Jack Hidary provided sobering numbers showing that the greening of technology is not ramping up fast enough. There are only 108 megawatts of solar power for every 371,000 megawatts of power produced. Less than 1% of the 800 million cars in the world are electric or hybrid. One solution is a financing program. Municipalities provide low cost loans, payable over 20 years, to help people ramp up their purchase of green technology. Will the PACE program come to your city, county or state? http://cleantechnica.com/2009/10/21/joe-biden-to-solar-power-the-usa-with-berkeley-first-municipal-tax-assessment-financing/
Jason McLennan helped establish a third part green building rating system that is more stringent than LEED. Through the Living Building Challenge designers are encouraged to design beautiful buildings that mimic nature. Find more information about his talk here.
Stuff, The Life Cycle of Consumerism
Annie Leonard cited the Happy Planet Index to describe how consumerism and stuff do not make us happy in the U.S. The U.S. ranks 114 out of 140 countries for happiness. Her 20-minute film, “The Story of Stuff” has been viewed by 3 million people and shows how our unhappiness is directly linked to our struggle with stuff. The unwanted attention of Fox News and Glenn Beck has taught her to view their attacks like those of the caterpillar’s immune response against the imaginal cells of the developing butterfly.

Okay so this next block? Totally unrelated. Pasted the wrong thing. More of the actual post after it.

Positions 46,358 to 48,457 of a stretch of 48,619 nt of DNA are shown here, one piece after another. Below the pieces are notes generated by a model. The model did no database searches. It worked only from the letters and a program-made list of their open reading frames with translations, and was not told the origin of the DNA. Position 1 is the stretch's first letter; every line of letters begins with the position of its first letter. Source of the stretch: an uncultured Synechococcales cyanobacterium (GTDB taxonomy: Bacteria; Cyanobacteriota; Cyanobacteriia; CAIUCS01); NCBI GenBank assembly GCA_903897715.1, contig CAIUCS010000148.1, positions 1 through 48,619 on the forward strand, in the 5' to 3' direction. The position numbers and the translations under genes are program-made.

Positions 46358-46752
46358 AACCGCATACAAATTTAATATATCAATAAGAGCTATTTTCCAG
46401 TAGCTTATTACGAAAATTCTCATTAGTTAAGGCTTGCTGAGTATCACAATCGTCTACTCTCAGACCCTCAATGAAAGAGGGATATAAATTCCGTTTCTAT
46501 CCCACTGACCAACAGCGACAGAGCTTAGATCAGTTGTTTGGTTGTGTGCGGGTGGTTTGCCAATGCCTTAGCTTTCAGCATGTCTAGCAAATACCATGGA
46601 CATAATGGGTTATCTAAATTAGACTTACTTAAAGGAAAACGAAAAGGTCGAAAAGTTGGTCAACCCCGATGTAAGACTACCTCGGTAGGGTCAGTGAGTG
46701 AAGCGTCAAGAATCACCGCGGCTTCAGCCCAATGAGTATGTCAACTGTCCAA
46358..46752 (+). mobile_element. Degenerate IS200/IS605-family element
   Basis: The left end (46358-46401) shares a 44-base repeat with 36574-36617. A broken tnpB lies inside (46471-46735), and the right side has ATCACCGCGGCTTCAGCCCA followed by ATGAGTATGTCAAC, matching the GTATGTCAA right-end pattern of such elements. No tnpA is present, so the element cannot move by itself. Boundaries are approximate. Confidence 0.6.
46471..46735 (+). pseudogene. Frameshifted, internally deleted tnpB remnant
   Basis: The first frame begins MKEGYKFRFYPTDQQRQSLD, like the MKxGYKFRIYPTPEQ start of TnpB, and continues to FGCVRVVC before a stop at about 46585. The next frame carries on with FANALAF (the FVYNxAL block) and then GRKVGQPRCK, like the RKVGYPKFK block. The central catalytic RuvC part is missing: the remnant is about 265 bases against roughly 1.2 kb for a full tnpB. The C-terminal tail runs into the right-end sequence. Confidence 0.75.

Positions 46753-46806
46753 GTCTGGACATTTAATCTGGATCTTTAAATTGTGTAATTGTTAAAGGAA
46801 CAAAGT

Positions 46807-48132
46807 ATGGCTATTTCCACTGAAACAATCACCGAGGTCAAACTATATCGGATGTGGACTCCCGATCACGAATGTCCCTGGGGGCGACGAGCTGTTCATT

Stuff, Zero Waste and Incineration
Susan Hubbard, co-president of conference sponsor Eureka Recycling reminded us that stuff is not the problem, rather it is our relationship to the stuff and our belief that it makes us happy. The truth, she says, is we feel safer and more comfortable when we have more than we can fit in our closets and cupboards. Until we deal with our emotional attachment to our stuff we can’t really address our environmental problems with garbage. She also illuminated the burning issue for the Twin Cities: the HERC incinerator expansion. Incinerators cause asthma in downwind neighborhoods and communities. HERC is the garbage burner next to the new outdoor baseball stadium that is to be expanded from burning 1,000 tons to 1,212 tons of garbage per day. Get more information here.
Water, Water, Everywhere?